Local communities living near important natural habitats play a crucial role in conserving the unique wildlife found in these areas. Many wild animals in Kenya, including birds, live outside protected areas, in the community or privately owned land. By monitoring the state of birds and their habitats, these communities contribute immensely to tending to nature.
Birds are good indicators of the health of our environment. They are widespread, easy to spot and are considered important in cultures of various communities.
Hinde’s Babbler is a rare bird found only in Kenya. This bird is threatened and occurs in fragmented populations within a 1,900km2 range in Meru, Embu, Nyeri, Muranga, Kiambu, Nairobi, Machakos and Kitui counties. Hinde’s Babblers live in groups, occupying a specific territory in thickets and woodlands in semi-arid areas and moist, fertile land cleared for farming but with fragments of shrub thickets. In eastern Kitui, Hinde’s Babblers live in Mumoni and Mutitu Hills Forest Reserves and surrounding valleys dominated by Lantana camara and indigenous thickets.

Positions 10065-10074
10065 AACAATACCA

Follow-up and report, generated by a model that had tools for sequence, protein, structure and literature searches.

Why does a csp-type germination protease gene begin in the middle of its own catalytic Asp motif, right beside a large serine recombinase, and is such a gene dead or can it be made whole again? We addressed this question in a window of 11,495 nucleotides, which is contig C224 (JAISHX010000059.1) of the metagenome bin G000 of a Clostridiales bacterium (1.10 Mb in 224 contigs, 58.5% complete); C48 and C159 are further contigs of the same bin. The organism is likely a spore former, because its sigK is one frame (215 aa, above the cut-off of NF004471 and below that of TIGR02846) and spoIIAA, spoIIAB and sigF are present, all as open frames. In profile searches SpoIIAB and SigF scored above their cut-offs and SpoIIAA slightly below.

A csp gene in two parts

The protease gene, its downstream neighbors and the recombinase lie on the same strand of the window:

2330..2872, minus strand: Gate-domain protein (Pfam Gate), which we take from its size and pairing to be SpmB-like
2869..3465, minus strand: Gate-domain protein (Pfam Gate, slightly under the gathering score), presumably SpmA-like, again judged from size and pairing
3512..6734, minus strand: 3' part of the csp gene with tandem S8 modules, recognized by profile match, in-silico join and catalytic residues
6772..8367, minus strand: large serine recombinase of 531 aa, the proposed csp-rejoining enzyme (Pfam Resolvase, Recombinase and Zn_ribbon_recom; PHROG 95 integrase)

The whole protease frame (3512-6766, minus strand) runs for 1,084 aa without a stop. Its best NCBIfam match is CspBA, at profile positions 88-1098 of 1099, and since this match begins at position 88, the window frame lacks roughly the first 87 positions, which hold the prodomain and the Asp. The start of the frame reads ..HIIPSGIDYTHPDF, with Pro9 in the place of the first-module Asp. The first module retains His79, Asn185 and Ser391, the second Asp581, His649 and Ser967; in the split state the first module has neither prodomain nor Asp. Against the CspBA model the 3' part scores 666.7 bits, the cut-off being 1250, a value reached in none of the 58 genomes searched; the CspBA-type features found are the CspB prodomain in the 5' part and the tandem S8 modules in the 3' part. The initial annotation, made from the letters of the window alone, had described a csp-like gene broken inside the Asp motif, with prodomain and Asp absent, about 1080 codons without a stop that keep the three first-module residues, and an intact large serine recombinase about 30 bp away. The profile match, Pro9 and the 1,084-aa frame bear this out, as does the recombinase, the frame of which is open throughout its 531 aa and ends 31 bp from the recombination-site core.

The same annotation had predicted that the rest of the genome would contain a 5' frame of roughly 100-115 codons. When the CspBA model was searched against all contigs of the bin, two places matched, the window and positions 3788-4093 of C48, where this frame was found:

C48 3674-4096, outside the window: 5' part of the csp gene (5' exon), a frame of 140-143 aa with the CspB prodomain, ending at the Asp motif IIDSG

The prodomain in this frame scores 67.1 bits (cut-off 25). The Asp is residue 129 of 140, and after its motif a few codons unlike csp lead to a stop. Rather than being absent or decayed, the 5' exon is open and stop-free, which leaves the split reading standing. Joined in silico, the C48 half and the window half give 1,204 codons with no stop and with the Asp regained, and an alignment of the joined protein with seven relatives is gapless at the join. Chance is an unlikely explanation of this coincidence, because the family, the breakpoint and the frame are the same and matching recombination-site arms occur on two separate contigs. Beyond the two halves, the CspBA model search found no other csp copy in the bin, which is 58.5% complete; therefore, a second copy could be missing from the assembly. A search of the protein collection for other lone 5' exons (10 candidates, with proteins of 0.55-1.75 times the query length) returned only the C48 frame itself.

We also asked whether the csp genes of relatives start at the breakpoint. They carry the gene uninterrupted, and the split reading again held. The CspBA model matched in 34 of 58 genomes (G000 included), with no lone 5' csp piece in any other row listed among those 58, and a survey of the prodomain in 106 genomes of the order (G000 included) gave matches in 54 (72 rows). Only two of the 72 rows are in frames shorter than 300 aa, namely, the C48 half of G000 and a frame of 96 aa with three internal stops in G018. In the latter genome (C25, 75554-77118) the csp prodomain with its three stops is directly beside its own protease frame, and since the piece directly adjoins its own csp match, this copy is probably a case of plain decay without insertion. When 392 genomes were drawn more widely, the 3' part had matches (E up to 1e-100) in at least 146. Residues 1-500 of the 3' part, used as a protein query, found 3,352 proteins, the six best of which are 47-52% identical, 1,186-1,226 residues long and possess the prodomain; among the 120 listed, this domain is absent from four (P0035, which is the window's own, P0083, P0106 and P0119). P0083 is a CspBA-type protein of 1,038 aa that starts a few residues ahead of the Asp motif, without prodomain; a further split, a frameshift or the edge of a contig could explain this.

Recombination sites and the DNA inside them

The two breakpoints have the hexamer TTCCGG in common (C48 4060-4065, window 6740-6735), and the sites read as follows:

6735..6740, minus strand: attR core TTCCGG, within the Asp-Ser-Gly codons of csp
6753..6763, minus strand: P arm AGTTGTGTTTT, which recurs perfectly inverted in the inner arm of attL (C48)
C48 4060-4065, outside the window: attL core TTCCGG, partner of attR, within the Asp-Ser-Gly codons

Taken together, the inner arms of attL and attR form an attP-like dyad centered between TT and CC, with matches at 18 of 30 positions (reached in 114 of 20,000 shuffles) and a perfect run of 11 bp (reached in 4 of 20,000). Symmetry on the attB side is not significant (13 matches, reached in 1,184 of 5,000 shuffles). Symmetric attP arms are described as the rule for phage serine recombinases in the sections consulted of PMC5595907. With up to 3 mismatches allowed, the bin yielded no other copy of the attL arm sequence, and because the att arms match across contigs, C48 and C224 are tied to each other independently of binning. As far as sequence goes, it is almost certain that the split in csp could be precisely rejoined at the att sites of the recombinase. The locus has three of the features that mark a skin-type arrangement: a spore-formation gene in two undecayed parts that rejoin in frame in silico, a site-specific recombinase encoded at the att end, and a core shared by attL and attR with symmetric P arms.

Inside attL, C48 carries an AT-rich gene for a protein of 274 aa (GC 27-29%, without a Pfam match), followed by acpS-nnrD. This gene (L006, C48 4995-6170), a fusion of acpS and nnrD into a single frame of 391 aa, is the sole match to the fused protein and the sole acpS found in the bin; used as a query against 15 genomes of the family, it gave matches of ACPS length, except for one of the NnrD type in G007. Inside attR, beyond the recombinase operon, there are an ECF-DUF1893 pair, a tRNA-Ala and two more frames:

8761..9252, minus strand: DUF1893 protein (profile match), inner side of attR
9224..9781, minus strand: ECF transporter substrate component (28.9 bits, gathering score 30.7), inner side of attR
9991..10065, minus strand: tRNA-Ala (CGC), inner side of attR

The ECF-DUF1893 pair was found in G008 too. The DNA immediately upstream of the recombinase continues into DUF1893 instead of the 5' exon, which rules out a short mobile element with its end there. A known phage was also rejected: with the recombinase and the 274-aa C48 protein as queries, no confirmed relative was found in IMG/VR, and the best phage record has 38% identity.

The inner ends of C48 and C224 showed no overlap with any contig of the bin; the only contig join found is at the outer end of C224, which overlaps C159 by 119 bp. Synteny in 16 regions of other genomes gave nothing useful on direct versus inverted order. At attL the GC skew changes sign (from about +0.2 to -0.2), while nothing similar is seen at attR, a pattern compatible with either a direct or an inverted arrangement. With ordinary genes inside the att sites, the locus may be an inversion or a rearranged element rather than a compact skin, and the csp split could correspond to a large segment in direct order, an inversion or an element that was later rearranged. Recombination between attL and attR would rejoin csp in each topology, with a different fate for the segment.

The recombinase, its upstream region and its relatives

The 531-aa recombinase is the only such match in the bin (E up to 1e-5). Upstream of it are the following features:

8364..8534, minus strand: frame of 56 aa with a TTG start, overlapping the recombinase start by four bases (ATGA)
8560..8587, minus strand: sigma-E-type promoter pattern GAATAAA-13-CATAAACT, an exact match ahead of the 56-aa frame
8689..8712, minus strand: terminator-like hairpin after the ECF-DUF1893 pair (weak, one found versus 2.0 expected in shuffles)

Communities in these two sites are undertaking several initiatives to conserve the Hinde’s Babbler and its habitat. Working closely with Nature Kenya and the National Museums of Kenya, members of the Mumoni and Mutitu Site Support Groups (SSGs) have mapped areas where the birds live. Constant monitoring of these areas is ongoing to observe any changes or disturbunces. In addition, the two SSGs are conducting public awareness sessions within their localities. These sessions seek to sensitize local communities on the importance of conserving the Hinde’s Babbler’s natural habitat.
Knowledge of the bird amongst the local communities is steadily increasing in Mumoni and Mutitu. This is exemplified by the communities’ willingness to maintain and restore suitable habitats for the birds. The SSGs are also actively engaged in forest restoration activities.